Friday, September 5, 2014

[Review] The November Man

You can't watch The November Man without thinking you've seen it before. It never really differentiates itself from other recent Hollywood spy/action thrillers. Seriously, it feels as though this film could've been made 8 years ago and just released this past weekend, and you wouldn't even know it. That said, you're never really mad for seeing it again. It's clich├ęd, but entertaining. Flawed, but serviceable. And Pierce Brosnan & Olga Kurylenko are great screen presences.

Brosnan plays Peter Devereaux, a retired CIA agent who gets willed back into a webbed case involving hitmen & hitwomen, a Russian war criminal turned political figure, computer hackers, and moles. There's a good portion of the story where it's hard to figure out what the hell is going on - not because of the suspense and mystery, but because the plotting is inconceivably convoluted. However, things eventually straighten out. It gets particularly interesting when Alice (Kurylenko), a valuable witness with a foggy past, enters the picture.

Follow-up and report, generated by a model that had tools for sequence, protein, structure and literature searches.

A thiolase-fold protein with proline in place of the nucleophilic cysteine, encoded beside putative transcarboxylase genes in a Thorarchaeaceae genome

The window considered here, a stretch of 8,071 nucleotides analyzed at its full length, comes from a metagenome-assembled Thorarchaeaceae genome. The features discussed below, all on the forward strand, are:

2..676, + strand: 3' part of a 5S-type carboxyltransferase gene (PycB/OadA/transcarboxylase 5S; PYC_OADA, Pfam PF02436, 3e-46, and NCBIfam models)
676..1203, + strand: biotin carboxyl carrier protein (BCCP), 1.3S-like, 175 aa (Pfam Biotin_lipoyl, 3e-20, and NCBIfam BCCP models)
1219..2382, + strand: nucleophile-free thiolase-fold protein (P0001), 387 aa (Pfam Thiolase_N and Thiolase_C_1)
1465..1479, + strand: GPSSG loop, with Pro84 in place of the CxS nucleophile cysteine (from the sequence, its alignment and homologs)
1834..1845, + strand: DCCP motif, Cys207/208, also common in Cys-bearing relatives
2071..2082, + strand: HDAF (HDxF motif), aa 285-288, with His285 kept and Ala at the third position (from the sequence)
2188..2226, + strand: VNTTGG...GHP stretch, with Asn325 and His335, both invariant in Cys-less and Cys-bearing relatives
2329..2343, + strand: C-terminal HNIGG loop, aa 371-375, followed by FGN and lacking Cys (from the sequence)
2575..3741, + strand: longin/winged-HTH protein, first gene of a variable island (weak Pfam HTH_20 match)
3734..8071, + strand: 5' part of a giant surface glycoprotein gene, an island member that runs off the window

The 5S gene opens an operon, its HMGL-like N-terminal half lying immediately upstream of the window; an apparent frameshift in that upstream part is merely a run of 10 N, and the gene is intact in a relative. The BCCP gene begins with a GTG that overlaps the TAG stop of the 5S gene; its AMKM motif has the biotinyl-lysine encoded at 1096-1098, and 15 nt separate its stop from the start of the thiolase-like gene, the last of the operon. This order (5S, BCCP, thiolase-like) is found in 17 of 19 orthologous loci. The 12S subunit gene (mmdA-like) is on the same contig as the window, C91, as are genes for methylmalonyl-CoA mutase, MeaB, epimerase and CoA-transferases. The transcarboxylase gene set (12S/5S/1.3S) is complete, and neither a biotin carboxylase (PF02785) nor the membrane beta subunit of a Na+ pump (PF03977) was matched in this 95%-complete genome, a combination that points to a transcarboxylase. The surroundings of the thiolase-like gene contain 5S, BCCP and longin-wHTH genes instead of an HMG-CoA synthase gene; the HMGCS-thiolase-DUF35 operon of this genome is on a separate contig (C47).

The twisty story unfolds with some brutal violence and plenty of scenes of people kicking the shit out of each other in stylish ways. The film does its job by getting the juices flowing and constantly escalating the intensity. The best compliment that I can give this is that: despite the fact that everything is expected--it's never dull. Devereaux walks away with his back to an explosion without a single shred of self-awareness.

There's a relationship that's dressed as a complex love & hate father/son dynamic between Devereaux and his former protege (played by Luke Bracey). But aside from some thin expository backstory, the relationship isn't developed enough to make us care whether these two save each other or kill each other. The film even has some technical falters, from its awkward casting of secondary characters to the questionable continuity leaps (and I'm not talking about which direction a character's hair strand is pointing after a cut). Still, the sheer watchability makes a lot of the flaws easy to forgive, and if you catch this on TV during a rainy afternoon, you'll probably be okay with it.


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